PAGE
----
Total urinary polyphenols and ideal cardiovascular health measures in Spanish adolescents enrolled in the SI program: a cross-sectional study

Study design and participants

This is a sub-study based on SI data! (Salud Integral-Complete Health) Program for Secondary Schools is a cluster-randomized controlled intervention trial (NCT03504059) to assess the effectiveness of an educational program to improve CVH in adolescents. It was conducted from 2017 to 2021 with 1326 participants from 24 Spanish public secondary schools. A detailed description of the study design and recruitment procedures is available elsewhere.13. The study protocol was approved by the Joint Ethics Commission of the Instituto de Salud Carlos III of Madrid (CEI PI 35_2016), the Fundació Unió Catalana d’Hospitals (CEI 16/41) and the University of Barcelona (IRB00003099) and made in accordance with the Declaration of Helsinki. Parents or caregivers provided assent and written informed consent at the start of the study.

For this cross-sectional study, the basic data of 1151 adolescents (47% girls) enrolled in the SI! program were used. Participants with urine samples not available (n=13), diagnosed with diabetes (n=6) or hypertension (n=1), who had taken medication or supplements (n=116) the previous day of data collection, and with data for one of the CVH measures (n = 39) were excluded.

Quantification of total polyphenol (TPE) excretion in urine samples

A validated Folin-Ciocalteu spectrophotometric method described by Medina-Remón et al. has been used to determine TPE levels in spot urine samples9. Solid phase pre-extraction was performed using OASIS 30 mg MAX 96-well plates (Waters, Milford, MA) to eliminate potential interference with Folin-Ciocalteu’s reagent9. Gallic acid (GA) (Sigma-Aldrich, St. Louis, MO, USA) was used as a reference for the quantification of TPE, and its calibration curve ranged from 0.7 to 16 mg/L. Creatinine was measured using Jaffé’s alkaline picrate method adapted to 96-well thermomicrotiter plates by Medina-Remón et al..9 A calibration curve for creatinine was prepared with a standard (Fluka, St. Louis, MO, USA) at values ​​of 0.5 to 1 mg/L. The coefficient of variation between GA and creatinine measurements was less than 15%. Finally, the TPE was normalized by creatinine, expressed in mg of GA equivalent/g of creatinine and classified in tertiles.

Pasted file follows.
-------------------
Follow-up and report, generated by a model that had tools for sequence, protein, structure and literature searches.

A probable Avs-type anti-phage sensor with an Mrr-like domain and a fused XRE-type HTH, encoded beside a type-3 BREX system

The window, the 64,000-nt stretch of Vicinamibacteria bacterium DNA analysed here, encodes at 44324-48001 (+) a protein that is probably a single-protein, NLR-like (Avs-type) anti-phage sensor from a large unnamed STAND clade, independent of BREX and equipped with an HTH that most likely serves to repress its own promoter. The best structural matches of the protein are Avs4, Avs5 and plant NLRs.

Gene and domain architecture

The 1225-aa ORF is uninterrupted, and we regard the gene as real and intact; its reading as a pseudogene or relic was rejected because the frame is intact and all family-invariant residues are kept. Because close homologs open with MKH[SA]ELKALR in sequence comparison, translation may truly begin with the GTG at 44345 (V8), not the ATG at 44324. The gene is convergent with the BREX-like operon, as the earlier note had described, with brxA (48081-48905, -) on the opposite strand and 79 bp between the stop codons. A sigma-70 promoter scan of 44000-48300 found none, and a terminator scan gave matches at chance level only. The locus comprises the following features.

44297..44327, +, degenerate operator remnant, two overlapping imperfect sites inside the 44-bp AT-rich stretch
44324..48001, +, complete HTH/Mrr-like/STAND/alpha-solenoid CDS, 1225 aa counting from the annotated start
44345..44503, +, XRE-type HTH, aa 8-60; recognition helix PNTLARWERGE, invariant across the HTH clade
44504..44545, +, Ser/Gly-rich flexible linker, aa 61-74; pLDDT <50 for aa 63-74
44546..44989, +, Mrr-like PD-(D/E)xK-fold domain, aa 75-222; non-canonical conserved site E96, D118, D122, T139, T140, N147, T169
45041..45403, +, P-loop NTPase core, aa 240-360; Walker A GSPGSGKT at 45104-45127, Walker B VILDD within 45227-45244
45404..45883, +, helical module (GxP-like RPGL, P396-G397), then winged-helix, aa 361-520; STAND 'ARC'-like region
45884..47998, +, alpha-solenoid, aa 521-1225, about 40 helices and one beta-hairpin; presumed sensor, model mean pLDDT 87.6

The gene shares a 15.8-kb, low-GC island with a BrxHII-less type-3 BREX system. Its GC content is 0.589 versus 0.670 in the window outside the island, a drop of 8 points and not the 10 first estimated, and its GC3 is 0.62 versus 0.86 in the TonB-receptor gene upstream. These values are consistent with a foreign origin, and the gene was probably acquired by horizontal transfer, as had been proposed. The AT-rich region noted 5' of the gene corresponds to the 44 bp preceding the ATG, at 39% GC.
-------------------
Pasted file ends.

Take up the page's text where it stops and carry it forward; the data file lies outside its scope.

Cardiovascular Health Assessment

Seven CVH parameters were calculated in adolescents using cut-off values ​​stipulated by the American Health Association, as summarized in Table 1, including four health behaviors and three health factors2.

Table 1 Cardiovascular health parameters as defined by the American Health Association.

Health behaviors

Smoking status was assessed by a confidential self-reported questionnaire13 and was considered ideal when the participant had never smoked a whole cigarette.

Weight was measured using an electronic scale (OMRON BF511, OMRON HEALTHCARE Co., Muko, Kyoto, Japan) and height by a portable stadiometer (SECA 213, Hamburg, Germany) while participants wore light clothing and no shoes. Both measurements were performed by trained personnel13. Body mass index (BMI) was calculated as weight in kilograms divided by height in meters squared (kg/m2). BMI z-scores and percentiles were calculated based on median values ​​in adolescents by age and sex according to the Center for Disease Control (CDC)14. BMI was considered ideal when values ​​were below the 85th percentile.

Moderate-to-vigorous physical activity (MVPA) was measured with an accelerometer (ACTIGRAPH WGT3X-BT, ActiGraph, Pensacola, USA) worn on the non-dominant wrist for seven consecutive days and applying the thresholds of Chandler et al..15. In participants with missing accelerometer data, we used information reported from a validated questionnaire13.16, by estimating MVPA based on the frequency and duration of recreational physical activity and competitive sports practiced inside or outside schools, on school days and on weekends. A conversion factor was used to calculate MVPA in terms of minutes per day according to the questionnaire. Participants with ≥ 60 min/day of MVPA were considered to have an ideal level of physical activity.